Book review: A rabbinical legacy

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October 11, 2017 13:23

Anyone with an interest in modern Israeli history, Jewish heroes and/or the institution of the chief rabbinate will find The Rabbinate in Stormy Days of great value.

4 minute read.



RABBI ISAAC Halevi Herzog on a visit to Jerusalem’s Old City in 1945.

RABBI ISAAC Halevi Herzog on a visit to Jerusalem’s Old City in 1945.. (photo credit:GPO)

 The Herzog family is a three-generation “dynasty” in Israeli leadership circles. The patriarch of this accomplished clan was Rabbi Yitzhak (his grandson Isaac of the Labor Party is named after him) Halevi Herzog, born on Hanukka of 1888 in Lomzha, Poland. We learn in this impressive tome – put together by Shaul Mayzlish – that young Yitzhak was instilled with Zionist passion by his father, Rabbi Yoel Herzog, and displayed a “wondrous ability to synthesize religious and secular studies.”

The distinguished young scholar received rabbinic ordination in 1910 and then earned a master’s degree in Semitic and classic languages and a PhD in literature from the University of London.


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At the Sorbonne, he did graduate studies on the biblical techelet dye, though this groundbreaking research wasn’t published until 1981. At 27, Herzog was appointed community rabbi of Belfast, Ireland. Two years later he married Sarah Hillman. In 1918, the year of his son Chaim’s birth, he became chief rabbi of Dublin and remained there for 18 years, turning down similar offers from the Jewish communities of Berlin, New York, Salonika and Vienna.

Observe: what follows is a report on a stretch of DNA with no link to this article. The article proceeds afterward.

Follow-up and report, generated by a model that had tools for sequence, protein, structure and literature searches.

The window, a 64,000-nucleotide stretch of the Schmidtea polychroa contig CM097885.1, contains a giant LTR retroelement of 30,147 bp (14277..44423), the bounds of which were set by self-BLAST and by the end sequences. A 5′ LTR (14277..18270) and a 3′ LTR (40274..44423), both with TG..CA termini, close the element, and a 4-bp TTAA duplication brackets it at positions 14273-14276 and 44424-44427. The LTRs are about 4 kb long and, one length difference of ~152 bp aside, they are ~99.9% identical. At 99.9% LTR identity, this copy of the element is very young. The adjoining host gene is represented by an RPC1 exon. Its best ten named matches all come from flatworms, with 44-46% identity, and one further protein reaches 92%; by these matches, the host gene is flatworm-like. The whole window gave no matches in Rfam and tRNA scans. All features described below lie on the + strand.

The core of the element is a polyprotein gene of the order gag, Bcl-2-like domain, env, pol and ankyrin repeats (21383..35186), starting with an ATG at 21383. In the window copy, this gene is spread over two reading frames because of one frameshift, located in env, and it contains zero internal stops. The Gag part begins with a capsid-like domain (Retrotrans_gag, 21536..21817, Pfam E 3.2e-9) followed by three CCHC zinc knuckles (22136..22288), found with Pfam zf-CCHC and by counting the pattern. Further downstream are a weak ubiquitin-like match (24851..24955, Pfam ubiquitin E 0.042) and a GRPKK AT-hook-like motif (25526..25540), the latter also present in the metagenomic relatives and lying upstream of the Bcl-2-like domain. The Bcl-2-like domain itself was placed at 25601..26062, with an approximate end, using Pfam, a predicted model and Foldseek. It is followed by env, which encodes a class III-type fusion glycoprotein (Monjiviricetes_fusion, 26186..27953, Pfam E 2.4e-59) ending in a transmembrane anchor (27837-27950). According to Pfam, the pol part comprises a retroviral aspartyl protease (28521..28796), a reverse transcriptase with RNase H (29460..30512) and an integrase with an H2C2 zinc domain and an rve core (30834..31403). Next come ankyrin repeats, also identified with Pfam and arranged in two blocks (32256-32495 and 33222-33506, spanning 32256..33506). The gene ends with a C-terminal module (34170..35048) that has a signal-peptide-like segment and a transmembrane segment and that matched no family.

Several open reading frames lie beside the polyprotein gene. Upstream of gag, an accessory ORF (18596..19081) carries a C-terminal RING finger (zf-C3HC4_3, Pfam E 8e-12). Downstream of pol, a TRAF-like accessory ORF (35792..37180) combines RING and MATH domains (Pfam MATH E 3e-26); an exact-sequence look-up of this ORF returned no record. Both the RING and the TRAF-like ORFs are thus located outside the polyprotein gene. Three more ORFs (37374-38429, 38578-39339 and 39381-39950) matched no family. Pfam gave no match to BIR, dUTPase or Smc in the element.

In 1935, Herzog, Sarah and Chaim accompanied Rabbi Yoel Herzog’s remains for burial in Jerusalem. Chaim stayed on to attend the Merkaz Harav Yeshiva (he later served as an IDF general, Israel’s ambassador to the United Nations and finally the Israeli president). The Dublin chief rabbi made a deep impression on the politicians and rabbis of the Yishuv, including Chief Rabbi Avraham Yitzhak Hakohen Kook, who died later that year. Herzog was then invited to run for election as the Ashkenazi chief rabbi.


The current state of sectoral squabbling is no worse than it was in the 1930s. The haredi rabbinic leadership opposed the “foreign” candidate and warned that the “rabbi doctor” was “liable to create a dangerous precedent and lead to an exodus from the yeshivas in favor of general sciences.” Herzog won the election and there was no exodus from the yeshivas. In fact, during a tenure lasting until his death in 1959, Herzog did much to strengthen the yeshiva world in Israel.


It is hard to imagine a more challenging era in which to serve as the leader of the Jewish homeland; hence the book’s title: The Rabbinate in Stormy Days: The Life and Teachings of Rabbi Yitzhak Isaac HaLevi Herzog, The First Chief Rabbi of Israel.